As I finally settle down with my laptop tonight to write this, it occurs to me that I am very, very tired. Mentally, sure. Physically, definitely. I was riding the high of the race winner’s honeymoon, which I used up last night in a 4 mile speed run on the treadmill (bad idea the day after a race). Then, today’s lunch time 4.5 miles just zapped out any remaining drops of energy I had left. And finally, did I mention I have a ***puppy***? A puppy! He’s 36 years old, and his name is Todd. And like any puppy, Todd is exhausting.
A couple nights ago, my running buddy Ron and I got together for a few beers. We swapped stories of running, plotted strategies for our upcoming race calendar, and when the conversation got really serious, we confided in each other some of our craziest runner’s thoughts. Ron confessed, for instance, that when he’s running on a treadmill at the gym, he analyzes every other runner and tries to think of what animal they most closely resemble. He exclaimed, in an oddly believable way, “You wouldn’t believe the size of the giraffe I was running next to last night!” That’s when it occurred to me that my lunchtime running buddy Todd is, by all accounts, a puppy. He’s playful, easy excitable, and with any luck hopefully he won’t pee on the floor. He runs with such enthusiasm, I can practically see his tail wagging. When we run at lunch, he sprints ahead - like a puppy chasing a ball - and then backtracks. It’s like we play a game of virtual fetch.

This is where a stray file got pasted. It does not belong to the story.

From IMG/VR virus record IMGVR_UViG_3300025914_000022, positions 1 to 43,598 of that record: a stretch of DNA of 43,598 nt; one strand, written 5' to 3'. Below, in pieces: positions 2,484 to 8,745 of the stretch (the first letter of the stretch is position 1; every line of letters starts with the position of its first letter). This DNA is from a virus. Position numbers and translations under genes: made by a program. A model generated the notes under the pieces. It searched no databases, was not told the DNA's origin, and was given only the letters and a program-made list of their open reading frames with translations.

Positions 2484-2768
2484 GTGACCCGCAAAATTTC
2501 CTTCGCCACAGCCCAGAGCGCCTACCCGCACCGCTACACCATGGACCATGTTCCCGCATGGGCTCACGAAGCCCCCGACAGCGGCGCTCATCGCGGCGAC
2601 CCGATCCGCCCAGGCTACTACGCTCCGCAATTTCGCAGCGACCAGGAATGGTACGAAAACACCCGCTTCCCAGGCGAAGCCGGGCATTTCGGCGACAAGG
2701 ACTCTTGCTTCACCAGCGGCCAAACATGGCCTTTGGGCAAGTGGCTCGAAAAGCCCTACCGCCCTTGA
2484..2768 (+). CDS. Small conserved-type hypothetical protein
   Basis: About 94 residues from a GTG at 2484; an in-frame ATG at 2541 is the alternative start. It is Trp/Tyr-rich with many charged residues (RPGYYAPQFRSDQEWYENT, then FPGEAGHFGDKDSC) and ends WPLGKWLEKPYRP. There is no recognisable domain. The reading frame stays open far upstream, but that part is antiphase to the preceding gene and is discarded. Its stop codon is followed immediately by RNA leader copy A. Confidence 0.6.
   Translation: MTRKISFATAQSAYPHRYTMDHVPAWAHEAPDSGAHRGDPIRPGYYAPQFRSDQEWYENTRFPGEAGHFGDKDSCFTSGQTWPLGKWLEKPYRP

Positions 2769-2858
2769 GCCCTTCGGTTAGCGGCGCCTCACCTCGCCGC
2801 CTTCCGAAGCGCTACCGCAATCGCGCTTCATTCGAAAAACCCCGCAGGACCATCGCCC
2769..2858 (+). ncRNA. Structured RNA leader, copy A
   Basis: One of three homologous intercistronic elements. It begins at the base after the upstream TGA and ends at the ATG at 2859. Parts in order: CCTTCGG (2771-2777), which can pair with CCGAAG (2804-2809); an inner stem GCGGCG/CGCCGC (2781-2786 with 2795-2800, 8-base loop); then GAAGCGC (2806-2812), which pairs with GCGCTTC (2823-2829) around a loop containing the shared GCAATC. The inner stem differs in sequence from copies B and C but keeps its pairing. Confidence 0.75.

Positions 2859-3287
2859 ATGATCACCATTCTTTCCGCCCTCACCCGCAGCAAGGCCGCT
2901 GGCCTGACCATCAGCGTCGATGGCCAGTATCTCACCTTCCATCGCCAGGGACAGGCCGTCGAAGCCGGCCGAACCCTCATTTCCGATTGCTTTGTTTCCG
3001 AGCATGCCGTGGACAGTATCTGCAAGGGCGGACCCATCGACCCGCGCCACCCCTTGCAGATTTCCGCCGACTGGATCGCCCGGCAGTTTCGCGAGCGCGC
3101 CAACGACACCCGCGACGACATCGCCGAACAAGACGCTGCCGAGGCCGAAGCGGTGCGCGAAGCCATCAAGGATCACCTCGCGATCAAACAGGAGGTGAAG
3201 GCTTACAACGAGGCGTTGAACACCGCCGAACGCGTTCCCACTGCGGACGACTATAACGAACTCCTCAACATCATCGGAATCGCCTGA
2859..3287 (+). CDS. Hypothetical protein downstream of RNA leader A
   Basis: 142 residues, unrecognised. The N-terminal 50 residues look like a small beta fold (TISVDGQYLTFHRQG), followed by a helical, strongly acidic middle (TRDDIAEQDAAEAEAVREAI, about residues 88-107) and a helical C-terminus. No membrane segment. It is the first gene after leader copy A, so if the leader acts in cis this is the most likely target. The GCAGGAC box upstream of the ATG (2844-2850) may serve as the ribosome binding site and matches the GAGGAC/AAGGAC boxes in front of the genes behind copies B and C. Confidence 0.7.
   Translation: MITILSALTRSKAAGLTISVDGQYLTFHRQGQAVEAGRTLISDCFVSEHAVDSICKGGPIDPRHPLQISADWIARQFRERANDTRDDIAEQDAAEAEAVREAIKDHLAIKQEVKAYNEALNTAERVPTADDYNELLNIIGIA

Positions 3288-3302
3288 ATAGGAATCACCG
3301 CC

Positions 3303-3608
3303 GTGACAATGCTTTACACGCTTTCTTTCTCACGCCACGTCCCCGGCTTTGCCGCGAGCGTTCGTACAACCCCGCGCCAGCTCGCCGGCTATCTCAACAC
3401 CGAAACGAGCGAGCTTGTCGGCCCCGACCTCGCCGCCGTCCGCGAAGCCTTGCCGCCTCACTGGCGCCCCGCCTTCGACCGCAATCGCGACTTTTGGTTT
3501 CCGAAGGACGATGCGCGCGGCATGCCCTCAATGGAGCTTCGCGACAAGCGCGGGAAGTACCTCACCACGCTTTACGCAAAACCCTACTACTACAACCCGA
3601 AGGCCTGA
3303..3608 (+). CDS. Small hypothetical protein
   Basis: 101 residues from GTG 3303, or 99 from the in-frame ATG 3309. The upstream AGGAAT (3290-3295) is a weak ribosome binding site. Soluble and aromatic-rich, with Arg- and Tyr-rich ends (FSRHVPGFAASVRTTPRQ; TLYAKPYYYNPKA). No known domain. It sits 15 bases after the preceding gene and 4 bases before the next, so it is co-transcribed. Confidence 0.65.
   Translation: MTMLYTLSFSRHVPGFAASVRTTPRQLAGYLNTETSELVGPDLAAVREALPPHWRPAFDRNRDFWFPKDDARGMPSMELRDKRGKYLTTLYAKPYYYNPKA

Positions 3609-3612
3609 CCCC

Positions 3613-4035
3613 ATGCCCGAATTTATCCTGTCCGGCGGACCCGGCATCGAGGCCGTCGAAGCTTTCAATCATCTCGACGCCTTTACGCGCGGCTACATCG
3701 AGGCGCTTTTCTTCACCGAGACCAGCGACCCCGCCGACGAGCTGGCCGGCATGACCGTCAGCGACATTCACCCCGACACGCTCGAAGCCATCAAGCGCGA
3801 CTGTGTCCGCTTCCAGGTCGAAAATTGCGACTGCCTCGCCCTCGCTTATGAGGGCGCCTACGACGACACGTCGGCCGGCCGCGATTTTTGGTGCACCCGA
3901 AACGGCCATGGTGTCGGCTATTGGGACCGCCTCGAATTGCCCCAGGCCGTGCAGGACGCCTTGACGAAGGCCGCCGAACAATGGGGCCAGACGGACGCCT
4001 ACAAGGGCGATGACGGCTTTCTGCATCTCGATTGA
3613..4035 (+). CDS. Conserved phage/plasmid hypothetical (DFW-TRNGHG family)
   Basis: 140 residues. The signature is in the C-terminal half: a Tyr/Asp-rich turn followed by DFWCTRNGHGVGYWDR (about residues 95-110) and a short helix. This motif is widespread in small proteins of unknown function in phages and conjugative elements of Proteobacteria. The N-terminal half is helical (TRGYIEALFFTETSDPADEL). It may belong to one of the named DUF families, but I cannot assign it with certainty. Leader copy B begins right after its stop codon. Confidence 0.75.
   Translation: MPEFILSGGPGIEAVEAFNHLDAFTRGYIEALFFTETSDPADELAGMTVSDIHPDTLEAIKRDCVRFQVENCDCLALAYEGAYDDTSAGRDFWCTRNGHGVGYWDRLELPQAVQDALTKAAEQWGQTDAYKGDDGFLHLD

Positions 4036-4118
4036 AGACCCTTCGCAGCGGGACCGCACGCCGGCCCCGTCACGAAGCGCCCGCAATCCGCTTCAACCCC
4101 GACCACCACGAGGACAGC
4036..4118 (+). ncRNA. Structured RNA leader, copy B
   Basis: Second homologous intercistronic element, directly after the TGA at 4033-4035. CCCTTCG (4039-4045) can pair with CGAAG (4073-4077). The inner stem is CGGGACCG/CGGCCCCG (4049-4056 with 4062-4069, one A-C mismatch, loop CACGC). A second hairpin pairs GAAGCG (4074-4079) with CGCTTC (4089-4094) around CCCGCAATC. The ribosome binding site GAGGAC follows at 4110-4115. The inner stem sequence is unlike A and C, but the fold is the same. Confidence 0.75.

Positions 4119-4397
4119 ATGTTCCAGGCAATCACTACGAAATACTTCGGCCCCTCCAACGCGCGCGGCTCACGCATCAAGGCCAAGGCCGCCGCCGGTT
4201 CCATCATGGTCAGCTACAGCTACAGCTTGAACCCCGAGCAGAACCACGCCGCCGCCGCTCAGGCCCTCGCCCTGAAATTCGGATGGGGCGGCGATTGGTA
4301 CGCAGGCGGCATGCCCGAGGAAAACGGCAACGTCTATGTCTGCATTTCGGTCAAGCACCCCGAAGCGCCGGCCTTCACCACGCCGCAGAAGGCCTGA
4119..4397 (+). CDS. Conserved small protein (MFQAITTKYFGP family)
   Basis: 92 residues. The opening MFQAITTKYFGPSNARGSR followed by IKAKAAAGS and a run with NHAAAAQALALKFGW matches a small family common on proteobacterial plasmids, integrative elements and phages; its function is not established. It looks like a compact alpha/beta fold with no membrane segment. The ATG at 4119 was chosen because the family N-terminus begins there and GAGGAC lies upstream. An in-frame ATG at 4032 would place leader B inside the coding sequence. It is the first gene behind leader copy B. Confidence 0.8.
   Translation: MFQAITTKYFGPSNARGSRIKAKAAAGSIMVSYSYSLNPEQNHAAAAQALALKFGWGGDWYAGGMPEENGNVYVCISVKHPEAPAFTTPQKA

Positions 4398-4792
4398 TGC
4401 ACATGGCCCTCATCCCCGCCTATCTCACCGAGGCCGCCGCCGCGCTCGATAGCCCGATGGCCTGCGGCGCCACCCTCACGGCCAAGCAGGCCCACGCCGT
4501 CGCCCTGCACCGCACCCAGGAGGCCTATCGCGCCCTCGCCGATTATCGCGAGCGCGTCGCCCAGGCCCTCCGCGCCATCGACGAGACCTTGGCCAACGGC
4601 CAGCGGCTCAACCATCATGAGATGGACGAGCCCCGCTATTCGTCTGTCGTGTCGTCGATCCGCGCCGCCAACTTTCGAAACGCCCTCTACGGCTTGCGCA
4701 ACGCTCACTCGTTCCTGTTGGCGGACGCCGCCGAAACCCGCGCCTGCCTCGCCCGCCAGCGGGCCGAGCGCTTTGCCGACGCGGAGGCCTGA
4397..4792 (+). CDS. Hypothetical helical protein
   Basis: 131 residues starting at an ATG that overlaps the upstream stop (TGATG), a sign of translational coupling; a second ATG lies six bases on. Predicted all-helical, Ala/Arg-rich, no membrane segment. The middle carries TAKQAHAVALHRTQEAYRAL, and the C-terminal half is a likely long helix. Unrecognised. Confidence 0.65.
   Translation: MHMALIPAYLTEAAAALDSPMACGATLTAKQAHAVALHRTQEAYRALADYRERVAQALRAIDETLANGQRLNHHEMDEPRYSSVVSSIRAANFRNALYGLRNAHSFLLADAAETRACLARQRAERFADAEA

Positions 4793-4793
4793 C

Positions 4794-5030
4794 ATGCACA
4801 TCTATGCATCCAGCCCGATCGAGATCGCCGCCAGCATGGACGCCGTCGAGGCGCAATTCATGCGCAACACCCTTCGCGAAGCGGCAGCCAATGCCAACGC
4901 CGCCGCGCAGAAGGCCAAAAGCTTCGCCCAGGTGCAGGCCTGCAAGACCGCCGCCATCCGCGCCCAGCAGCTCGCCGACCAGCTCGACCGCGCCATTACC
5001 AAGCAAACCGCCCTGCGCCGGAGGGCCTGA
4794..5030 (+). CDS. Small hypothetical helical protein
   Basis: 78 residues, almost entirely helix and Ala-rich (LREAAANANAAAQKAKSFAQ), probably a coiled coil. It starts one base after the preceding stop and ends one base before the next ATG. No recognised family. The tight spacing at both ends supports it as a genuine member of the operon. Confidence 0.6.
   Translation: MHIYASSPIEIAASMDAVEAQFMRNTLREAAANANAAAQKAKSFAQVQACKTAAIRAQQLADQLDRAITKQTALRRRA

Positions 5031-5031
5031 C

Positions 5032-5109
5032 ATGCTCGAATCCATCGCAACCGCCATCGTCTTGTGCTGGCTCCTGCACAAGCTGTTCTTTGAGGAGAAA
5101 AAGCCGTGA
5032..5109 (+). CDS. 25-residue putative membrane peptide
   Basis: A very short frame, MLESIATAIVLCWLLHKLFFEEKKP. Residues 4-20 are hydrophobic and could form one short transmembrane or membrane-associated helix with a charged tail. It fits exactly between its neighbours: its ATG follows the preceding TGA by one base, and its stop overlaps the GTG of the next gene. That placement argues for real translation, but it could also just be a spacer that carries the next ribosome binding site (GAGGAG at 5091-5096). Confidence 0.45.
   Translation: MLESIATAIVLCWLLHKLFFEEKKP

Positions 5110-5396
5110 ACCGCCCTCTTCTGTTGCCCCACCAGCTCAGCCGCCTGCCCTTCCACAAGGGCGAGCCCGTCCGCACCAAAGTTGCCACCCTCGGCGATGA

I’ve become used to Todd’s unusual excitement, and now when he sprints ahead I don’t try to keep up. I maintain my pace, knowing that eventually we’ll reconnect. I have noticed lately though, that in spite of my best intentions to run a consistent pace, I’ve unintentionally nudged my speed up a bit. I guess it really does help having something to chase. Today however, Todd switched up his routine which, by association, switched up my routine. This time he preferred to lag behind, then sprinted to catch up to me, then lagged behind again. He repeated this throughout the entire course, which left me constantly wondering where he was, and having the unusual front position. Now I was the one with no one to chase, and it was a strange feeling. At one point I said to Kerri, “Where’s the puppy?” She responded, “Your puppy needs a shorter leash!” Then, like puppies do, he came sprinting up behind us and sped off chasing a car or ball or maybe even a bunny.
Later this afternoon, fighting to stay awake, I told Todd how tired I was after today’s run. He was tired as well, at which point I reminded him that he’s just a puppy, and puppies might bounce around a lot, but they also need lots of rest. As for me, lying in bed with my laptop, a dull throb in my thighs and lower back, it has become very clear to me: Puppies might be cute and fun, but they are, indeed, a lot of work.